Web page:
The Dominican Republic, and its owner, Rafael Leonidas Trujillo
All throughout the 20th century we can observe the marked presence of totalitarian regimes and governments in Latin America. Countries like Cuba, Chile, Brazil, Argentina, Nicaragua and the Dominican Republic all suffered under the merciless rule of dictators and military leaders. Yet the latter country, the Dominican Republic, experienced a unique variation of these popular dictatorships, one that in the eyes of the world of those times was great, but in the eyes of the Dominicans, was nothing short of deadly.
Rafael Leonidas Trujillo, or “El Chivo”, controlled the people of the Dominican Republic in a manner that set him apart from the other leaders of that time. By controlling every aspect of the country’s economy, he controlled the people, by controlling each individual’s income and their jobs, he controlled their lives. (Sagas, 173) It is true that from the outside it may appear that the economy was getting better in the Dominican Republic, but the problem was that all of the enterprises and businesses were directly or indirectly owned and controlled by Trujillo himself, not the government. Building bridges, making better roads, and establishing monuments were Trujillo’s ideas as to how to make the Dominican Republic a better place. (de Besault, N/A) True that these things made the Republic more appealing and made transportation better, but the inhumane methods Trujillo employed to maintain his complete and utter control of the people completely overshadowed any positive things that he may have done.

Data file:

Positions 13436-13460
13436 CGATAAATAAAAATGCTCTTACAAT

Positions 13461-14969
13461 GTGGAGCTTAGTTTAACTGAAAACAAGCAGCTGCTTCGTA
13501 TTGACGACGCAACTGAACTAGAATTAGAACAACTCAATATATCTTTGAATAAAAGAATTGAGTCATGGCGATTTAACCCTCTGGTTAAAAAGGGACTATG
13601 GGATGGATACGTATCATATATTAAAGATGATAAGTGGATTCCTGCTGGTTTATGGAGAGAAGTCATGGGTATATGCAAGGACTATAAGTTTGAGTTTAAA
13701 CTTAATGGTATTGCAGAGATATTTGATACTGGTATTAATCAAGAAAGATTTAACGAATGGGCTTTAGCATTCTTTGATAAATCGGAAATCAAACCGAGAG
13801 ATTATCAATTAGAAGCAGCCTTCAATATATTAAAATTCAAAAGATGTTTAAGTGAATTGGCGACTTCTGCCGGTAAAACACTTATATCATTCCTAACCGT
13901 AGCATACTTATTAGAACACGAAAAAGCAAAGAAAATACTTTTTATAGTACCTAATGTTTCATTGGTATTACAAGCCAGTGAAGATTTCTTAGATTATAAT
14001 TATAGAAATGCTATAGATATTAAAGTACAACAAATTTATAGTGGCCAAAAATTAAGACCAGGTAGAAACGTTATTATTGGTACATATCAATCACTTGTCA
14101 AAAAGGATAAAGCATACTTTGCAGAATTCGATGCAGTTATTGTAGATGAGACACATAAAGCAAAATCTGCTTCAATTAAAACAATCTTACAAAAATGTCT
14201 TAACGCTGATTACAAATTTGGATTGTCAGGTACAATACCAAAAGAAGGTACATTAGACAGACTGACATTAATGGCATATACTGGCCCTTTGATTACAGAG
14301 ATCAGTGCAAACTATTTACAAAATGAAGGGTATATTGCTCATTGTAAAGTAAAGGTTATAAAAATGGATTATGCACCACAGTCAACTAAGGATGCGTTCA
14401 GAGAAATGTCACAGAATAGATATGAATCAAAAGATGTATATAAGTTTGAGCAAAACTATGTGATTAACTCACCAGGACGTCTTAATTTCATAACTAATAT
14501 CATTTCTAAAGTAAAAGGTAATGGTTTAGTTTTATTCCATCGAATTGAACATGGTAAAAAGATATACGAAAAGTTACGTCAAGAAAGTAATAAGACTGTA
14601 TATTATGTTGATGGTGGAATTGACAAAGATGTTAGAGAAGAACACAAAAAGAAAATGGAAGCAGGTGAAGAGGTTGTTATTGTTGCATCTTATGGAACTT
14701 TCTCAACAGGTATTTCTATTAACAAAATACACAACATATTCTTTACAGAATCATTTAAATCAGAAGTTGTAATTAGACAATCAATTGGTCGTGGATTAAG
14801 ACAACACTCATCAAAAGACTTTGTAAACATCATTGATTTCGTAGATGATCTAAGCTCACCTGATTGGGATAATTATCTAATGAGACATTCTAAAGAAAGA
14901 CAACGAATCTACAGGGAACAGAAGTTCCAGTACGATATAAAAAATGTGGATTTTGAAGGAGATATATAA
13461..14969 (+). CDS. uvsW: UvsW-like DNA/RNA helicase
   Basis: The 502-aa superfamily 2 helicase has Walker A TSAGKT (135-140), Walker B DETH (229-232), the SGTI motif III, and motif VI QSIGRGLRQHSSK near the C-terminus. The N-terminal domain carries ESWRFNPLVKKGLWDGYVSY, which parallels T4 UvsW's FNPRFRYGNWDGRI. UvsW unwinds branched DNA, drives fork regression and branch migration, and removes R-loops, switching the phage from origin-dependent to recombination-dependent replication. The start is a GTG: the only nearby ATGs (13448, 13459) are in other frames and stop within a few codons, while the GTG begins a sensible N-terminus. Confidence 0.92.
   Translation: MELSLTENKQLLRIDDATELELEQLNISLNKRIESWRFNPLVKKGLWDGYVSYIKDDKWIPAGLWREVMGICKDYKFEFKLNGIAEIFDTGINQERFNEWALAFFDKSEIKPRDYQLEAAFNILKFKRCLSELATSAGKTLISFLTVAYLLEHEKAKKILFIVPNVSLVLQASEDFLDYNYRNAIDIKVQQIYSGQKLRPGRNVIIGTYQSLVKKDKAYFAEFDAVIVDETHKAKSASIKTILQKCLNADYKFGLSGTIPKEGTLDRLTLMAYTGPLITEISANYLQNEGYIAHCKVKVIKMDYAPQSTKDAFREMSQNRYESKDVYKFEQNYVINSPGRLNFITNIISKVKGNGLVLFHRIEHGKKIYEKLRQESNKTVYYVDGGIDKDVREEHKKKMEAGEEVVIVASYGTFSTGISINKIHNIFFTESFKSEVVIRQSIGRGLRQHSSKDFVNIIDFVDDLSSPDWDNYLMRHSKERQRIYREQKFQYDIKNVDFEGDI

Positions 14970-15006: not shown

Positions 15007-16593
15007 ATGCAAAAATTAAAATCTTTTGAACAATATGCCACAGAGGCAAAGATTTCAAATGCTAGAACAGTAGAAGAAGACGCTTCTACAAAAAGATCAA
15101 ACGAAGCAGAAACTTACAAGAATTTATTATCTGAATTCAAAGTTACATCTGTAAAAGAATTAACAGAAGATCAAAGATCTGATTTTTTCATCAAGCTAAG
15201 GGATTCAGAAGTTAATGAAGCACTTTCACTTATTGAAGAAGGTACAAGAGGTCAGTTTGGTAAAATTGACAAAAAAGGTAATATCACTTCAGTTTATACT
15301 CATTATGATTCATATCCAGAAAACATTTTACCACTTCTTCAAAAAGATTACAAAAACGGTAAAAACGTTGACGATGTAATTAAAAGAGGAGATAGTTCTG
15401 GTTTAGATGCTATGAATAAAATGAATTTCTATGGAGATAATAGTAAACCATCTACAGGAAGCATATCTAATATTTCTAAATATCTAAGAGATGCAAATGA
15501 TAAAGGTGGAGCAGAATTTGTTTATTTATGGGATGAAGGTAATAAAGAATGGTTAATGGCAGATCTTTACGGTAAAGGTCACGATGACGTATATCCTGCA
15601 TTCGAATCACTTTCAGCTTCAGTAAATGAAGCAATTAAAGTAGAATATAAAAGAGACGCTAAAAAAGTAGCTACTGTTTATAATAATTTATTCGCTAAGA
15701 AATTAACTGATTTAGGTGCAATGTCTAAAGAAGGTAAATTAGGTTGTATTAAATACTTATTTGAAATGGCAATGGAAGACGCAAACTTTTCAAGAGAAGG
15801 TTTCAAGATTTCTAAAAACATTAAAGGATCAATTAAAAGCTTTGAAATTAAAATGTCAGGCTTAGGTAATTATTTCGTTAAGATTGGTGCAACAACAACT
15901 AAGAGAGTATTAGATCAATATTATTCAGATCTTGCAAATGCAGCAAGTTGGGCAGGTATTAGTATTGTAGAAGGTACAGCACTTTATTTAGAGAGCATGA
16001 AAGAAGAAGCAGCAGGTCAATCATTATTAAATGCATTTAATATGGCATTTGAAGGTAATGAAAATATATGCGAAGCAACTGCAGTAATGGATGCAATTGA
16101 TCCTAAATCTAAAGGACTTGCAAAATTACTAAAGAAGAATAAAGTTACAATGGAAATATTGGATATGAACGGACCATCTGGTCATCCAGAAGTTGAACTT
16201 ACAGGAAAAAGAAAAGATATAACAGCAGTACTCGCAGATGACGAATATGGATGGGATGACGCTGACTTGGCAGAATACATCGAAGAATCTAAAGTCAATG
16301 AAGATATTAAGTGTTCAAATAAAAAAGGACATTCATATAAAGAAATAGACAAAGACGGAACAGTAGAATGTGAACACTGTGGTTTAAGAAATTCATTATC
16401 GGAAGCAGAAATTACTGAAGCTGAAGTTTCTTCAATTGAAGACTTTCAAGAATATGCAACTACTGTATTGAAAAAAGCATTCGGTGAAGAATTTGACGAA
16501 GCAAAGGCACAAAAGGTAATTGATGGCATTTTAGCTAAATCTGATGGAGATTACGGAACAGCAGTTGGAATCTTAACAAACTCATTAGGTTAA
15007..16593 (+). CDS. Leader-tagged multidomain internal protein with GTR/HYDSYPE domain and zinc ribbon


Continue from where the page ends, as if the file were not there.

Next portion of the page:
This previously inexistent economy is what allowed Trujillo to attain and strengthen his power in the Dominican Republic. Oddly enough, the same people who put Trujillo in a governmental position are the same people that are still today trying to instill control on foreign governmental decisions, the United States of America. The United States occupied the Dominican Republic in 1916, and when they vacated the country, they named Rafael Leonidas Trujillo second chief of a military branch. (Bosch, 173) The weakened ruling party allowed Trujillo to ascend through the ranks and gain popularity from 1924 to 1930, when he was elected President. Promises and ideas of economic stability filled the eyes and ears of the Dominican people, and allowed El Chivo to come into power. The Great Depression and World War II also allowed Trujillo to do as he pleased; due to the fact that the great powers had to shift their focus elsewhere.
Slowly but surely Rafael Trujillo started making the Dominican Republic his own little piggybank. As he saw that the country had been stripped of many industries, he started to buy back everything that was in foreign control. (Sagas, 172) If he could not buy the business or gain control of the economic sector through lawful competition, he would gain control unlawfully. These other means often consisted of giving unfair interest rates to...